"Downward movement of England, of South Africa, downtrodden millions" Read the full letter
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Letter ReferenceJohn X. Merriman MSC 15/1912:207
ArchiveNational Library of South Africa, Special Collections, Cape Town
Epistolary TypeLetter
Letter DateSunday 1912
Address FromDe Aar, Northern Cape
Address To
Who ToJohn X. Merriman
Other Versions
PermissionsPlease read before using or citing this transcription
The Project is grateful to the National Library of South Africa (NLSA), Cape Town, for kindly allowing us to transcribe this Olive Schreiner letter, which is part of its Special Collections. This letter has been dated by reference to its location in the archive sequence.
1 De Aar
2 Sunday night
4 Dear Mr Merriman
6 Thank you very much for your letter. The woman question, as you know,
7lies so near to my heart I can't dis-cuss it with any one.
9 But I am delighted you should have found matter for interest in my
10little book. What pains me is that in it I have only dealt with a
11small part of a great human question, which cannot be rightly grasped
12unless all its sides be seen.
14 I have just been reading the delightful autobiography of my dear old
15friend Sir William Butler. It never sinks to vulgar personal detail, &
16yet through it all beautiful, childlike, genius-ful spirit of the man
17speaks. I had a long letter from him written just three weeks before
18he died. I was going to answer it on the day when I heard of his death.
19 It was a comfort to me to realize that even had I answered it the day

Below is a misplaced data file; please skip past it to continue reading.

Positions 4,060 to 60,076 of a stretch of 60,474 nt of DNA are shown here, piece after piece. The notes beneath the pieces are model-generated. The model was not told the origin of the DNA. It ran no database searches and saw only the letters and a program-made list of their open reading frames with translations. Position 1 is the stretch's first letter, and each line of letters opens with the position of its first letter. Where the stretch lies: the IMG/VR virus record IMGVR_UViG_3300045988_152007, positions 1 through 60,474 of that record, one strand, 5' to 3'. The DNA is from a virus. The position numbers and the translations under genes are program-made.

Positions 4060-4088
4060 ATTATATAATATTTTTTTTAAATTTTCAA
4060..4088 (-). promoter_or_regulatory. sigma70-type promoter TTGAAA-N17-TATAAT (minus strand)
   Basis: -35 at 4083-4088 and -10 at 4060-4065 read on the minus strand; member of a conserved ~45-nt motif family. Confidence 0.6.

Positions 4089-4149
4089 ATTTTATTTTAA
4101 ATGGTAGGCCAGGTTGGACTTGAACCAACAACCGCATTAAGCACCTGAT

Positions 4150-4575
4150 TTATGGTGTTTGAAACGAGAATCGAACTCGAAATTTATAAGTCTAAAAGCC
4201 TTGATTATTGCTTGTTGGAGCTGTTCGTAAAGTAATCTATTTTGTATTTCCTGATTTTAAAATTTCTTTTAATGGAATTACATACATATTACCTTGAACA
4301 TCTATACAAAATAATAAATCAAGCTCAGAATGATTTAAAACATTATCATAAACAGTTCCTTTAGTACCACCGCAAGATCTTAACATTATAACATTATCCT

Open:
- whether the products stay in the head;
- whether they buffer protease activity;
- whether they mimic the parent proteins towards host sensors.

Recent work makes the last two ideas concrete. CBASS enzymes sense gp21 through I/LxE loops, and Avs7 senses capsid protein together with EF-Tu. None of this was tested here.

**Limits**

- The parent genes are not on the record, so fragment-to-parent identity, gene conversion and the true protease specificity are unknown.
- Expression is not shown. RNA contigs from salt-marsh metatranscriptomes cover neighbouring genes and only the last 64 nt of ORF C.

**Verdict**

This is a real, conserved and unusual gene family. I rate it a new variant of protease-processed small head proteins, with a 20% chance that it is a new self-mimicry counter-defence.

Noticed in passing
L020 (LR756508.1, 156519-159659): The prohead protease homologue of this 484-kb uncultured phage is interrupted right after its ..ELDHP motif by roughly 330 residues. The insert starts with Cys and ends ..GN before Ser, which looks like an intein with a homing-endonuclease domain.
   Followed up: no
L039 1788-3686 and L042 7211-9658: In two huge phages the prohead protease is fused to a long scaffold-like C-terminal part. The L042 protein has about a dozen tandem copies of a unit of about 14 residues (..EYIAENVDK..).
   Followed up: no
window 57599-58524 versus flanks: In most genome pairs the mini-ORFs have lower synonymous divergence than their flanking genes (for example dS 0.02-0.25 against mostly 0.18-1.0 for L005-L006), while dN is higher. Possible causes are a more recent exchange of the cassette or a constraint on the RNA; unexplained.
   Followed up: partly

20I got it ^it^ would not have reached him in time.
22 Have you read a novel called "The House of Mirth" by Edith Warton? It
23is a curiously interesting book, as being the life of a typical female
24"Parasite," written not with any sermonizing interest, but simply, &
25one might almost say ^unconsciously^ produced, as art. It is a type from
26which one shrinks so strongly, & yet for which one feels so much pity,
27as the out come of unhealthy social conditions.
29 I hope you are going to enjoy a long good rest after what seems to
30have been a very trying time of labour. You have done invaluable work
31this session. For me, I see a long 12 or 15 years of ^a^ down hill path
32for this country; when, having learnt some terrible lessons with
33regard to the treatment of our fellows brown or black - such as
34England had in her Boer war only on a much larger scale - the path
35will slowly begin to ascend. I do not see how studying the attitude of
36the majority of white men in this country the most terrible crimes &
37mistakes can be avoided - as you say, one fears to speak lest one
38bring things nearer. When I hear people talk of the absolute necessity
39of an exterminating war with the Basutos & dark races generally
40because they are so rapidly becoming socialized & skilled workmen, &
41if not crushed now will never be crushed; I am always reminded of a
42visit a friend of mine paid to Milner before the Boer war, when he
43stuck his hands on the arms of his chair, & said, "It is now or never!
44They will become too strong for us if we wait!" How often is man's
45"now", God's "never"!!! They talk so much of the far seeingness of
46business men, & "men of the world"; but it seems to me often they are
47the blindest things that walk the earth. Their gaze is fixed with such
48intensity on the bit of earth just under their feet, that they fail to
49see the yawning precipice towards which they are slowly & surely
52 I hope your health keeps good; & that we have many long years of your
53work still before us.
55 Yours sincerely
56 Olive Schreiner
Schreiner?s 'little book' is Woman and Labour. The books referred to are: William Butler (1911) An Autobiography London: Constable; Edith Wharton (1905) The House of Mirth New York: C. Scribner?s Sons.